Can he actually provide proof that the Facetime bug actually caused him a problem? At the moment he seems to be saying that because it could (in theory) have caused him a problem, then it must have caised him a problem, and therefore Apple must pay up. In practice he is going to need to prove that the information leak occured in the meeting, and that neither him nor anyone else in the meeting was not carrying any other devices that could have recorded the meeting,and that neither him nor anyone else in the meeting talked to any third parties after the meeting. A pretty high bar to leap over unless he can prove that the bug was actually used in the course of the meeting (which will be even harder to prove).

Post-Brexit plan for .EU tweaked: No dot-EU web domains for Europeans in UK, no appeals, etc

Saruman the White

Re: Didn't the UK create these rules?

However there is always an elected politician who ultimately has to take the flak if the civil servants screw up; that tends to ensure that the politicians usually (but not always) keep a close eye on what's going on an reins in most of the excesses. The civil servants in Brussels answer to unelected politicians who are answerable to no-one, so they have no reason to discourage excesses (and may actual encourage it at times).

Saruman the White

Re: Didn't the UK create these rules?

The rules were invented in Brussels by unelected civil servants with little or no understanding of how the internet functions, but plenty of ideas on how to increase their power (no matter how much European citizens suffer for it).

Irish data watchdog to Facebook: Hang about, what's all this about a WhatsApp, Instagram, Messenger merger now?

Saruman the White

What has FB's merger of WhatsApp, et al, to do with Brexit?

Apple: You can't sue us for slowing down your iPhones because you, er, invited us into, uh, your home... we can explain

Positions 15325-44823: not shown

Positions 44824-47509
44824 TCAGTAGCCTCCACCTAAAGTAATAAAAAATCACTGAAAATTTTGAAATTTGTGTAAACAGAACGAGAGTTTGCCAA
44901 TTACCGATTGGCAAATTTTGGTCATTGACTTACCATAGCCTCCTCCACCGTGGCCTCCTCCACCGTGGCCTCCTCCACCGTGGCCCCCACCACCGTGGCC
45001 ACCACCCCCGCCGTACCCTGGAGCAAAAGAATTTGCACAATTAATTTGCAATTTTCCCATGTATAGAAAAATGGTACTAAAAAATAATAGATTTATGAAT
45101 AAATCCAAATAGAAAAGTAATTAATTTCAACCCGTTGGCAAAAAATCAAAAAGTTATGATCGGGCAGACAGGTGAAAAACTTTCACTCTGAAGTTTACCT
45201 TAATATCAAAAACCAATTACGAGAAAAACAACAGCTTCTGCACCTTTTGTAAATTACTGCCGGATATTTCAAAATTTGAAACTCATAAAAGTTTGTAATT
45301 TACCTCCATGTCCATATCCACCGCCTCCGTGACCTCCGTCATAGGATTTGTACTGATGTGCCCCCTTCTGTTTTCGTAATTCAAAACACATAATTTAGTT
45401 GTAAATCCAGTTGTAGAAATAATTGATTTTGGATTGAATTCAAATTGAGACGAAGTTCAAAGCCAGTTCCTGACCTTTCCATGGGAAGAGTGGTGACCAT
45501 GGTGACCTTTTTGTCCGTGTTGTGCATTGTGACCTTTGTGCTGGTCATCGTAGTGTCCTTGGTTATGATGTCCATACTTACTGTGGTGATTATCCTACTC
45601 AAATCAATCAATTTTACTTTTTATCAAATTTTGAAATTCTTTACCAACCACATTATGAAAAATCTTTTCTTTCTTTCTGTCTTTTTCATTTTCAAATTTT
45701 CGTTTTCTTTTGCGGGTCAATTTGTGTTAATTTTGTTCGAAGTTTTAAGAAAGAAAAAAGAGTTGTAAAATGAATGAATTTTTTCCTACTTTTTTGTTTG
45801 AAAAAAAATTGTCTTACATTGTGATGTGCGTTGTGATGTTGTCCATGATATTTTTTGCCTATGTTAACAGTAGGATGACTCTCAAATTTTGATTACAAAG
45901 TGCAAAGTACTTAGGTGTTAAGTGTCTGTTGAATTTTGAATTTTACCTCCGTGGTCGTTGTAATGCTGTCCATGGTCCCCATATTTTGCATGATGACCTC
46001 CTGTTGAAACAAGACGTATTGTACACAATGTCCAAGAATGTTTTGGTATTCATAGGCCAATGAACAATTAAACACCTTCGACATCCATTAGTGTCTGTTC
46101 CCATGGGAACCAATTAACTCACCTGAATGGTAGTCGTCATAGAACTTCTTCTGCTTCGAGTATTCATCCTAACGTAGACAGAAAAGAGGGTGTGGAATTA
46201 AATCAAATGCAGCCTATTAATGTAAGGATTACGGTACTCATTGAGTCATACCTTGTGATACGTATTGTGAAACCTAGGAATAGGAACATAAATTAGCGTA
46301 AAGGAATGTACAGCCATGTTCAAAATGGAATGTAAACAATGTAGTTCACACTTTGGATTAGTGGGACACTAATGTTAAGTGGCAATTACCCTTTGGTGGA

Saruman the White

Re: This is factually incorrect

Lemons are good. Cutting there head of and boiling it in vinegar is preferred in some places.

Read Carpe Jugulum by the late, great Terry Pratchet for some more ideas.

Florida man's deadliest catch forces police to evacuate Taco Bell

Saruman the White

Re: Candidate failed

"The living Darwin Award is for those who eliminate themselves from the gene pool and survive to tell the tale."

An example being a guy who sliced his scrotum open and decided to deal with it by stapling the wound together. By the time he got to A&E, it was well too late for the family jewels.

NASA's Opportunity rover celebrates 15 years on Mars – by staying as dead as a doornail

Saruman the White

Agree about the upvote, but one of the things the solar panels do is power heaters that keep the electronics nice and warm. Without power, no heaters. With heaters, the electronics have probably been frozen and completely knackered.

Shame however, it is nice to dream about it.

Ooh, my machine is SO much faster than yours... Oh, wait, that might be a bit of a problem...

Saruman the White

Re: no provision for utilities at all

Dead link!

Saruman the White

Re: no provision for utilities at all

Or, apparently, a cup of tea (which the civil service lived on then, and probably still does).

Saruman the White

Re: Well that was an invisible problem

This is an old problem. If you read "Most Secret War" by R. V. Jones, he relates how a new building was built for the Admiralty in the late 1930's that had no provision for utilities at all. They had to move in as-is and wait for 6 months, at which point the necessary modifications could be attributed to depreciation.